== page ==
Great Expectations

Great Expectations

Lessons from the Life of Joseph, Part One

Genesis 37


Joseph’s life was a dream that digressed into a nightmare on the road of life. A friend noted rightly: "Vision without action is daydream; action without vision is nightmare." Joseph had a possible dream in his sleep and a promising future in the stars, but a potential crisis on his hands. He was ahead of himself, sure of himself, and full of himself. When he was young, Joseph was talkative, insensitive, blunt, naive, and immature.

How did Joseph mature from a boy to a man? What did he have to learn, understand, and concede along the way? Where does immaturity end and maturity begin? And his life took some amazing twists and turns…times when he was left despondent over life’s circumstances. What can I learn from Joseph’s life, when my circumstances don’t meet my expectations?


Genesis 37:1-11

The young upstart often made a big fuss about his dreams, wore his loud, colorful, and exclusive garment everywhere, and got on every one’s nerves. In no time, Joseph’s brothers were jealous of him (Gen 37:11), bitter at him and rude to him (Gen 37:4). Up to this point, Joseph did not know, understand or realize that God did not give the talents, the opportunity, and the destiny for him alone, but for the salvation of the Jews, Egyptians and the rest of mankind.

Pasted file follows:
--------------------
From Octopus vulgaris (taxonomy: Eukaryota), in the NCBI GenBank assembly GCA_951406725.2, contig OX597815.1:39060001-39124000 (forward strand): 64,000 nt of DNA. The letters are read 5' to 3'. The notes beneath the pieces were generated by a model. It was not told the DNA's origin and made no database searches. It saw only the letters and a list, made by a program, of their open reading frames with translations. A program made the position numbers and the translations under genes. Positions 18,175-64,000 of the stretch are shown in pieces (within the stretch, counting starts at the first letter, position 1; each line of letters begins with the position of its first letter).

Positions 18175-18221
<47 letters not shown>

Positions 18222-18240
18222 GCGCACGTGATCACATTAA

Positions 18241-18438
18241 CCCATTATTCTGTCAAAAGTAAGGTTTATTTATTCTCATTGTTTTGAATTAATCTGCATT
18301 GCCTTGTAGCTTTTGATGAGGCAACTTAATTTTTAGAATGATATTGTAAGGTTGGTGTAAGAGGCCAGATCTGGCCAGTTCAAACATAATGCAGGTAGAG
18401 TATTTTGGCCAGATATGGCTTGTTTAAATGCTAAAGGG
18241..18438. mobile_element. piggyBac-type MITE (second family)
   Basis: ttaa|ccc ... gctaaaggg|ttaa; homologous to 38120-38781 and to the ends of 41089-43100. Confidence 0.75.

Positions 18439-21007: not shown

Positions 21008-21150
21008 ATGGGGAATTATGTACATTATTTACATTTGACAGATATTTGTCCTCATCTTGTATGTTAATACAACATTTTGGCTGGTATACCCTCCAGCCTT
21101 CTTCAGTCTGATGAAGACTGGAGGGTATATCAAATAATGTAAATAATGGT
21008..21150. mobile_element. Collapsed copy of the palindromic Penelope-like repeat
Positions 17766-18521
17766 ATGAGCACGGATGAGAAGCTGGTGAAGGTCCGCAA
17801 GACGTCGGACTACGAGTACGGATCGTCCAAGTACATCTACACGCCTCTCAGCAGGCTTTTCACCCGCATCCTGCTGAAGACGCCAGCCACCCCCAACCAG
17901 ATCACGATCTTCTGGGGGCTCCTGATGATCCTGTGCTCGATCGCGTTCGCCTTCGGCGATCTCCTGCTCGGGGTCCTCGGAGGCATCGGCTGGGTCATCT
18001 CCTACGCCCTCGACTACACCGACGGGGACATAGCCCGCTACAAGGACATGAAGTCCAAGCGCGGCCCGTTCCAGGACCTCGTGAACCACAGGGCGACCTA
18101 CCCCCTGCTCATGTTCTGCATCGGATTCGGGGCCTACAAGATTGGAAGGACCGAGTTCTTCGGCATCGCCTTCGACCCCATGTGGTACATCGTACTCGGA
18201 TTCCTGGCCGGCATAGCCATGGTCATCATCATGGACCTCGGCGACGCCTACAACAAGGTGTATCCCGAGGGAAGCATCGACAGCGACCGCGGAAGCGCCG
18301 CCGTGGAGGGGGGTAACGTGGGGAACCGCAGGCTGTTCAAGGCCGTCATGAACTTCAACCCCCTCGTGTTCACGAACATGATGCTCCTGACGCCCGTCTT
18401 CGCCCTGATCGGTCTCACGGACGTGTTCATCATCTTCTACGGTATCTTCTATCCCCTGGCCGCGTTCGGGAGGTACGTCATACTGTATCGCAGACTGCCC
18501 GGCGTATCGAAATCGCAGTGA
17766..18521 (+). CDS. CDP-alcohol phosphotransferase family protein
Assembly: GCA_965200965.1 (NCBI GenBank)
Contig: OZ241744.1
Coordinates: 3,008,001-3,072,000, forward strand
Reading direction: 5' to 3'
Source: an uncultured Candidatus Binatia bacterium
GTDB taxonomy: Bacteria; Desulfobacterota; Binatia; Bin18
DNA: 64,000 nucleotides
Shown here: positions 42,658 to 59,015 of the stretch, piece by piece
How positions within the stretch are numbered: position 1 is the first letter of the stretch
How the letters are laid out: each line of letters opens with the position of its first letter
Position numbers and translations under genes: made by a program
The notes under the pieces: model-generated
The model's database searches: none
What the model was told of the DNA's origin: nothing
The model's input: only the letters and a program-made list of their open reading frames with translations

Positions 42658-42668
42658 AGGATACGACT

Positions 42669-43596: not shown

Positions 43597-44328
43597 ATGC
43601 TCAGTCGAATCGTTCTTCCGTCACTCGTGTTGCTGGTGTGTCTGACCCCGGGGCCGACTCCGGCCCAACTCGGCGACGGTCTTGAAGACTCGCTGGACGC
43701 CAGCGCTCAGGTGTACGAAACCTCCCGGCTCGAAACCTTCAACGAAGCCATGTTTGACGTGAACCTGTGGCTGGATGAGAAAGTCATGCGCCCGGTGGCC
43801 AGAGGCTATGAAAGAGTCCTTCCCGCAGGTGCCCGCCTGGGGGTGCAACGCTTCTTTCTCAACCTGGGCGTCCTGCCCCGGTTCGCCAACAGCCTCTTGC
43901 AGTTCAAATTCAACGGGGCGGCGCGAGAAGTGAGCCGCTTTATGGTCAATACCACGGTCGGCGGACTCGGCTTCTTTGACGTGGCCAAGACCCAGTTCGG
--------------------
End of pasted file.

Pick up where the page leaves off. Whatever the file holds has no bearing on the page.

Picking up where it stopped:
You may be capable, talented, and promising, but are you wise, disciplined, and mature? Do you treat people honorably, tactfully, and cordially? Is your head swollen with pride?

Are your circumstances possibly not working out for you, the way you want and plan, because God maybe has bigger plans for your circumstances? Joseph really thought it was all about him, when God had millions of other people in mind - when God had in mind saving Joseph’s family years in advance.


Genesis 37:18-27

Joseph’s brothers acted out of jealousy, greed, and spite. It was not a prank, a joke, or even a warning. What they did was vicious, wicked, senseless and reprehensible. It was inexcusable, unjustified, and unnecessary. However, note that though the brothers were in charge, they were not in control. God is omnipotent; He is all-powerful. Although the name and mention of God were absent from this chapter, His hand, wisdom, and intervention were present and prominent. God allowed what appears from our vantage point to be unfortunate things, to happen to Joseph, though God did not make or cause them. He also did not stop or reverse it, but used and transformed it for His purpose and glory.


Genesis 37:36; 41:46

For the next thirteen years he had no one but God to rely on, turn to, and fellowship with. The great missionary statesman, Hudson Taylor, once said: "It does not matter how great the pressure is. What really matters is where the pressure lies- whether it comes between you and God, or whether it presses you nearer His heart." (Swindoll, Daily Grind, Vol. I, p99)

Seeing God at work through your unmet expectations is not a gift. That calls upon a spiritual maturity. Is it there in you? Spiritual maturation cannot be rushed, bought, or inherited. If there’s trouble, strife, or misunderstanding, have you been part of the problem or are you part of the solution? Do you help or hinder? What does it take to mend fences, build bridges and smooth feathers? Do obstacles, problems, and difficulties sink you or mature you in spiritual growth? Do you believe Him confidently, cheerfully and continuously through the long, winding and uneven path of life?